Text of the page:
There are three major nerves in the hand responsible of working the muscles and providing sensation. The largest one is the Median nerve. The median nerve enters the hand through which is the passageway on the palmar side of the wrist that connects the forearm to the middle compartment of the deep plane of the palm. “Carpal Tunnel Syndrome” occurs when the median nerve is compressed in this tunnel. Compression of the nerve in this tunnel is caused by either increased pressure in the tunnel or narrowed tunnel.
It commonly occurs in those who constantly use their one hand. Prolonged use of a keyboard may lead to thickening of hand tendons and associated compression on the nerve. It most frequently appears in those who are engaged in music particularly playing the piano and stringed instruments. Other diseases such as diabetes, rheumatoid arthritis, hypothyroidis, obesity, and gout can also contribute to this syndrome. It is common in pregnancy.
The initial symptoms include weakness of the hand, quick tiredness, and tingling of your fingers especially your thumb, index and middle fingers. The pain aggravates and numbness of the fingers occurs in time. The pain and sensation of numbness are usually more severe at night. Myolysis and associated weakness of the thumb may occur in progressed cases.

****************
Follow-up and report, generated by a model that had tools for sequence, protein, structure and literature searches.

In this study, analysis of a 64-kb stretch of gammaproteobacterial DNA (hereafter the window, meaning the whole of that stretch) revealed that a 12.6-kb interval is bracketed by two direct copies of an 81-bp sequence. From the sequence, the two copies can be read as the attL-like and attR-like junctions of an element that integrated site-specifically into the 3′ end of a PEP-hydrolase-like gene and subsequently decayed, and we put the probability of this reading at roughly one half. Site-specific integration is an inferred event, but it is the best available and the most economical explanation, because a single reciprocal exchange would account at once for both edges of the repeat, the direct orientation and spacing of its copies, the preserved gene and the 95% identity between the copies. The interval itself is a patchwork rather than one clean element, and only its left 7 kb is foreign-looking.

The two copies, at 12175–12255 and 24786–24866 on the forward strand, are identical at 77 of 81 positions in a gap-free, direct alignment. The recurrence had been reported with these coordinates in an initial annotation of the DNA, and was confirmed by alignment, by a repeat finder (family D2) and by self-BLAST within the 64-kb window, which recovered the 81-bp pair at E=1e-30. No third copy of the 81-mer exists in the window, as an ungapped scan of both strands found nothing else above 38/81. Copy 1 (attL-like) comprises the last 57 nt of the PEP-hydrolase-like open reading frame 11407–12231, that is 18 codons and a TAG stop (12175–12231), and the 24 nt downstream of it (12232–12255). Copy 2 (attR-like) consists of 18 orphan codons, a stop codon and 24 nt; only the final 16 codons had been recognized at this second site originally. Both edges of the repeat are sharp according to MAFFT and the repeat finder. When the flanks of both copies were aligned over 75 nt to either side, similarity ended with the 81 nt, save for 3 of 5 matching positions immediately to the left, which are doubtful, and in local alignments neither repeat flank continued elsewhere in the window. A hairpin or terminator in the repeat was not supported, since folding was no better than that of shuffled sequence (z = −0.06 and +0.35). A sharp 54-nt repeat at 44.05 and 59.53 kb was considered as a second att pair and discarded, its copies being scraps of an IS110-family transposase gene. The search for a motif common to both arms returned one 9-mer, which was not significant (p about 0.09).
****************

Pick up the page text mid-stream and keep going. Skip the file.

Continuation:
Diagnosis is made by Electromyography (EMG) ordered by your doctor. The first line therapy is restriction of wrist movements and initiation of anti-inflammatory drugs. Various physical therapies and injection of corticosteroids will be useful for patients in the early period. The definitive treatment of carpal tunnel syndrome is surgically relaxation of carpal tunnel. You should remember that irreversible damages to the nerve may occur when the compression on the nerve remains for a long time. You should not wait until the disease is progressed for treatment. Only your arm will be anaesthetized for surgery and you can go home on the same day.